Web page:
Everything is changing. We might not yet know how the world will look like once the air is clear again, but not many things will remain the same, in the same place, in the same way. At the very least, things will look the same, but feel different. That’s in large part because we are no longer the same, already now, and even more so later. We must get our bearings back. That might mean all kinds of consequences, from excellent to catastrophic.
They say that you could rebuild Dublin just by reading James Joyce’ Ulysses. That is true to an even greater extent for Hugo’s Les Misérables. I had started a German audiobook version of Victor Hugo’s Les Misérables before the Covid days, but I listened to the latter two thirds in just over a week. Like many others, all I had was time. It is read by Gert Westphal, an actor whose voice I was already familiar with because it was on poetry tapes that our German teacher played for us. It’s a 59 trip through French history, and it’s worth it. Westphal has one of those voices that work for me. I’ve abandoned audiobooks because the voice didn’t fit the book.And then there is the BBC series from 2019, a six-parter, starring Dominic West, Lily Collins, David Oyelowo, Olivia Coleman, Adeel Akhtar, David Bradley, Erin Kellyman and David Bradley, among many, many others. I am not entirely sold on Ellie Bamber’s Cosette, but it’s a good series that made me realize connections that I must have missed in the book. It also defuses some of the novel’s moments where Hugo got carried away with his dramatic moments.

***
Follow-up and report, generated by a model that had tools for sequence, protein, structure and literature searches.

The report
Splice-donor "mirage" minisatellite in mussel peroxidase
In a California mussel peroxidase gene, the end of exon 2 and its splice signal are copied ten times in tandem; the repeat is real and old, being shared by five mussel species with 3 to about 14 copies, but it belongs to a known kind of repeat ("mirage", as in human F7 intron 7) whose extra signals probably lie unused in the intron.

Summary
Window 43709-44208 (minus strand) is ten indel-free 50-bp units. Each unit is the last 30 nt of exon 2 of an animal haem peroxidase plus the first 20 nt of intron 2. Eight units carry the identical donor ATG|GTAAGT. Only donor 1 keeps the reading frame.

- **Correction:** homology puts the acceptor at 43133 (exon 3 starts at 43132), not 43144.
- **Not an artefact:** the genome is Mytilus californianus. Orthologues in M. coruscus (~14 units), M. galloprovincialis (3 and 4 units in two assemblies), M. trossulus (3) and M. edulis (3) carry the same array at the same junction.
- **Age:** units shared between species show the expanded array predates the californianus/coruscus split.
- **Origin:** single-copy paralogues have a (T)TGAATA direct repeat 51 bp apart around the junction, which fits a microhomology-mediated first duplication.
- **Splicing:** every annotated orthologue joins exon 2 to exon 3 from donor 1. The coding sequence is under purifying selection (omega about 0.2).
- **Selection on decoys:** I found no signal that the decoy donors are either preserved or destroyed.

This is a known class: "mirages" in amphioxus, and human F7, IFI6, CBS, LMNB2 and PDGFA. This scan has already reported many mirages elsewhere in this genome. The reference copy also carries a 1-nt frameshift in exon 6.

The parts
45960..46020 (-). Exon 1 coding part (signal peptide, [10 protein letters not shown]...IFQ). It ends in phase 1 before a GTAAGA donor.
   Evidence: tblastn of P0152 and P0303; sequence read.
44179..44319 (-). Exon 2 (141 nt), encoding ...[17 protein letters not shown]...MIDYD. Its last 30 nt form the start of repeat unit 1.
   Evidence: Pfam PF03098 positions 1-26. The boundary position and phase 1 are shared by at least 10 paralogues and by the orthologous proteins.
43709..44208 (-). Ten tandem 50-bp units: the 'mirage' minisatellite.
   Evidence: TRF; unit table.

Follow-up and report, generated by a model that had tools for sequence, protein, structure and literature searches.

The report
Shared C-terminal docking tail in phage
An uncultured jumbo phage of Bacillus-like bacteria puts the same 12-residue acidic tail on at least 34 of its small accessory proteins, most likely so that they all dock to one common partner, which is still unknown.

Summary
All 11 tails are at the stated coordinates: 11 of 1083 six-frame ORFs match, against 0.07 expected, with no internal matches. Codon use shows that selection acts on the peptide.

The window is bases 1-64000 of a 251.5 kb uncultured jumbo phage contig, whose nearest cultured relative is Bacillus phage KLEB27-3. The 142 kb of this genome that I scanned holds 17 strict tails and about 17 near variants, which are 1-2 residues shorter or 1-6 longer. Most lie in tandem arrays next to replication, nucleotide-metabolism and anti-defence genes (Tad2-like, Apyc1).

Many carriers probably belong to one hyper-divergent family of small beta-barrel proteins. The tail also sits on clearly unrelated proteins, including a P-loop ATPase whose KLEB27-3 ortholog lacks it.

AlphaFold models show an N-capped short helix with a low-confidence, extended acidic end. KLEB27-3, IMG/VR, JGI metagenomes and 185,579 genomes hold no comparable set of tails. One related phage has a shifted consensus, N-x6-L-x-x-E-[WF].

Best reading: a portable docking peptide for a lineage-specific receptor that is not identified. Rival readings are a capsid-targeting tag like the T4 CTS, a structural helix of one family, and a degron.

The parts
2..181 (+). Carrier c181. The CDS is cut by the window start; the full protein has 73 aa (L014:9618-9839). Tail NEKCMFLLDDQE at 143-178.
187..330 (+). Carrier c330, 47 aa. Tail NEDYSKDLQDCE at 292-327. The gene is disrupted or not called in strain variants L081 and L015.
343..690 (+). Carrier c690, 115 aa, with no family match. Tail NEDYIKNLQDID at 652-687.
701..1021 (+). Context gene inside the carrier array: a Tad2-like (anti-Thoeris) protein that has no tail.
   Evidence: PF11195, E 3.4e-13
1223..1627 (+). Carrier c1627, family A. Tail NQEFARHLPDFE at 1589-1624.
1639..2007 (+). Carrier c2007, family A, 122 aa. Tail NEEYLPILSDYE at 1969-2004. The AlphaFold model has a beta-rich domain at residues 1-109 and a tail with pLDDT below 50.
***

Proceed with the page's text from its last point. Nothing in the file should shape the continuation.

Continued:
If Mr Yellowhair insists on using the term ‘Chinese virus’, somebody should tell him that the Spanish flu, much deadlier than what we are going through here, started in the U.S. in 1918.
We got informed today that in the retirement home where someone of my extended family resides since January, two very old people with severe pre-existing illnesses have died from the virus. Staff members have tested positive and are at home, self-isolating. Just imagine: you are a health-care worker, testing positive, and people in your care die because of the virus. You then need to go home and self-isolate, where you get all the time in the world to think about the possibility that it was you who gave the virus to a member of an at-risk group. I don’t think I would be prepared to deal with such a thing.